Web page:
The Coconut Chair was designed in 1955 by the then design director of the Herman Miller furniture company, George Nelson, and immediately became a modern classic. Success should come as no surprise, as the chair’s creator is one of the most notable figures in American modern history.
The history of the Coconut Chair has its roots in early European modernism and its pioneers, including Ludwig Mies Van Der Rohe, Gio Ponti and Le Corbusier, whose work greatly inspired the young Nelson during his stay in Europe. Clear, simple shapes without unnecessary ornaments shaped Nelson’s future designs. A few years after his return to the US, Nelson’s potential was realized by DJ Depree, chairman of the Herman Miller company. Despite Nelson’s lack of experience in furniture design, Depree offered him a position as the company’s next Director of Design, which he accepted in 1945. Since then Nelson has provided furniture projects for the company for over 25 years, including the sensational playful design of the Coconut Chair.
As the name suggests, the chair resembles a piece of coconut with inverted colors. This tropical fruit wasn’t the only inspiration for Nelson, however. The shell of the chair is strikingly similar to the dome of MIT’s Kresge Auditorium. It is also worth remembering that the chair’s design originated in the mid-1950s, the beginning of the space race between Russia and the United States. This period in modern history, when mankind was deeply fascinated by space, was also reflected in Nelson’s designs. He firmly believed: “Design is an answer to social change.” If you look at the Coconut chair you can easily connect to the early satellites like the Russian Sputnik 1.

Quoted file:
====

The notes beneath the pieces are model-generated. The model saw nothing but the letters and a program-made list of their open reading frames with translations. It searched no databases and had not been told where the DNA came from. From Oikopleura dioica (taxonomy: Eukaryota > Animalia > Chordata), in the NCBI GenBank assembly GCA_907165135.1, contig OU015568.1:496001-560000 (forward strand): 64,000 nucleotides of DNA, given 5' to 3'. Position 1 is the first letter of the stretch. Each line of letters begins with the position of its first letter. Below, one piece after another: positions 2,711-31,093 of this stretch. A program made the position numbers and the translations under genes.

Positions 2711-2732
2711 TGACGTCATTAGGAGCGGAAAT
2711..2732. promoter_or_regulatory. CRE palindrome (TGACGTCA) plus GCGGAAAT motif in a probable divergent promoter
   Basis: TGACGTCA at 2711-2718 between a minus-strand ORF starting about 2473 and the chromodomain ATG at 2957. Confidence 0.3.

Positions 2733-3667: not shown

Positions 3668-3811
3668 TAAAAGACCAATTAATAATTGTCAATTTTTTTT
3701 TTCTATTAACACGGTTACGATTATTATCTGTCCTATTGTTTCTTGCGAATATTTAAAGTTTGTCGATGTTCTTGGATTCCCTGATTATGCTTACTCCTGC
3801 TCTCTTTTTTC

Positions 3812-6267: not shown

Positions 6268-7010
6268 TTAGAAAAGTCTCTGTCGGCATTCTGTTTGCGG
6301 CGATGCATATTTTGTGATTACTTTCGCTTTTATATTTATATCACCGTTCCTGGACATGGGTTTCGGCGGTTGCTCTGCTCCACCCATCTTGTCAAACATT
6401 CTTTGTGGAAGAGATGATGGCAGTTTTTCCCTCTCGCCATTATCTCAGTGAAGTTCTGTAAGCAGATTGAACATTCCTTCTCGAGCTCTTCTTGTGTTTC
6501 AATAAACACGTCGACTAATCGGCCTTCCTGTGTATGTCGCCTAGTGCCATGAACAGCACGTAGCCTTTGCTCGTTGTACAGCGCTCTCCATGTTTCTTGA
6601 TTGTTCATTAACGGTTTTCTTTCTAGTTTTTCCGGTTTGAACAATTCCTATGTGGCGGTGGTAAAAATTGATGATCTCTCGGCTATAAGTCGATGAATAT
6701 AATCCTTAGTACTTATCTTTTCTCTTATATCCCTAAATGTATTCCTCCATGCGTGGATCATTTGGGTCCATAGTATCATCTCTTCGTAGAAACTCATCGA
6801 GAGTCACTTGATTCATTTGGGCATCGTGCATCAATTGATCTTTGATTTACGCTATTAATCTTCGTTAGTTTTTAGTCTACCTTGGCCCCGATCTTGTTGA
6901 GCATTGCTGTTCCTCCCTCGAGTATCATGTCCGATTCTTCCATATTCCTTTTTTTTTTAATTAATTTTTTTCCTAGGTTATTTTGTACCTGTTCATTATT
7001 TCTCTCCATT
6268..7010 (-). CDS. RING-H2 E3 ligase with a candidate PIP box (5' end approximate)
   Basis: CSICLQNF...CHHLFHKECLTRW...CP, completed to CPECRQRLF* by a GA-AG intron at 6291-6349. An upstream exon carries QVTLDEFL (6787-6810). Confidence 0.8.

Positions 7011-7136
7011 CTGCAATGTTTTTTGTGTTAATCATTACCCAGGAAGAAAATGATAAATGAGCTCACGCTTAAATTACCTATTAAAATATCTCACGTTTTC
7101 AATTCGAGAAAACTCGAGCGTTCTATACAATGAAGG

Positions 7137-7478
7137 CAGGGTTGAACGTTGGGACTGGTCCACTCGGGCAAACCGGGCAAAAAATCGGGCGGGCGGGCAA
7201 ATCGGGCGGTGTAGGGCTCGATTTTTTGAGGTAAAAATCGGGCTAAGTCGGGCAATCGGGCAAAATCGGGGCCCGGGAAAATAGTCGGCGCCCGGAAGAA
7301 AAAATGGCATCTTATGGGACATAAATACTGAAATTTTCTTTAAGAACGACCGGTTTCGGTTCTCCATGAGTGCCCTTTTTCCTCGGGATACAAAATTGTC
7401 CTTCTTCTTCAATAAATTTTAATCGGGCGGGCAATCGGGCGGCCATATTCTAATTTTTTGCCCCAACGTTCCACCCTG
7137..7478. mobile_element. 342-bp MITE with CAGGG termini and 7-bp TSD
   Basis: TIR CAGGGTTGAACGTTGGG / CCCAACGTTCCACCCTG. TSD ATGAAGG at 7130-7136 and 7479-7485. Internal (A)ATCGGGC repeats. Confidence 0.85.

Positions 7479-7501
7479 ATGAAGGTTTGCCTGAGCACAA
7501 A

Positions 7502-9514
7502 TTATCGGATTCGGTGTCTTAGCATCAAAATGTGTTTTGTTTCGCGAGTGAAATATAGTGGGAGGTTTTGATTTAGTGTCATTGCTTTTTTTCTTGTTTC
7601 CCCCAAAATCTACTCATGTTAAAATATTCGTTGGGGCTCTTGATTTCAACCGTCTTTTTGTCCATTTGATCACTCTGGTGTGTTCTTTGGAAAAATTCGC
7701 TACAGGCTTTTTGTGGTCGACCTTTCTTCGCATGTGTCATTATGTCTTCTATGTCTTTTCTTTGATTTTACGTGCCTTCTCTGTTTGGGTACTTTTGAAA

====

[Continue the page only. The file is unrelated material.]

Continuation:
The chair is shaped like an eighth of a ball. However, the vertical corner is slightly longer than the two side corners. The chair lacks well-defined backrests and armrests so that the user is not prevented from adopting a wide range of positions. This feature of the design was represented particularly well by Nelson himself, who summarized the Coconut Chair as follows: “I developed the chair to offer seating comfort in the lounge and great freedom of movement.”
The chair’s lightweight shell is made of plastic that is molded in a molding process. It looks white and has a satin finish. Sitting comfort is guaranteed by a thick layer of foam rubber covered with black, supple leather. The color scheme creates an interesting, intense contrast between the white bowl and the black pillow. The chair is supported by three thin, chrome-plated legs made of curved steel rods with nylon gliders at the ends. The legs are spanned with the diagonal cross bars for additional structural strength. The balanced proportions of the chair are achieved through the geometric consistency between the three-legged base and the triangular seat pan.
The Coconut Chair is an absolute essence of modernist design. More than 50 years after its presentation, the chair has lost none of its futurism. This timeless piece of furniture still looks extravagant and fascinating and is a great, tasteful addition to any modern interior.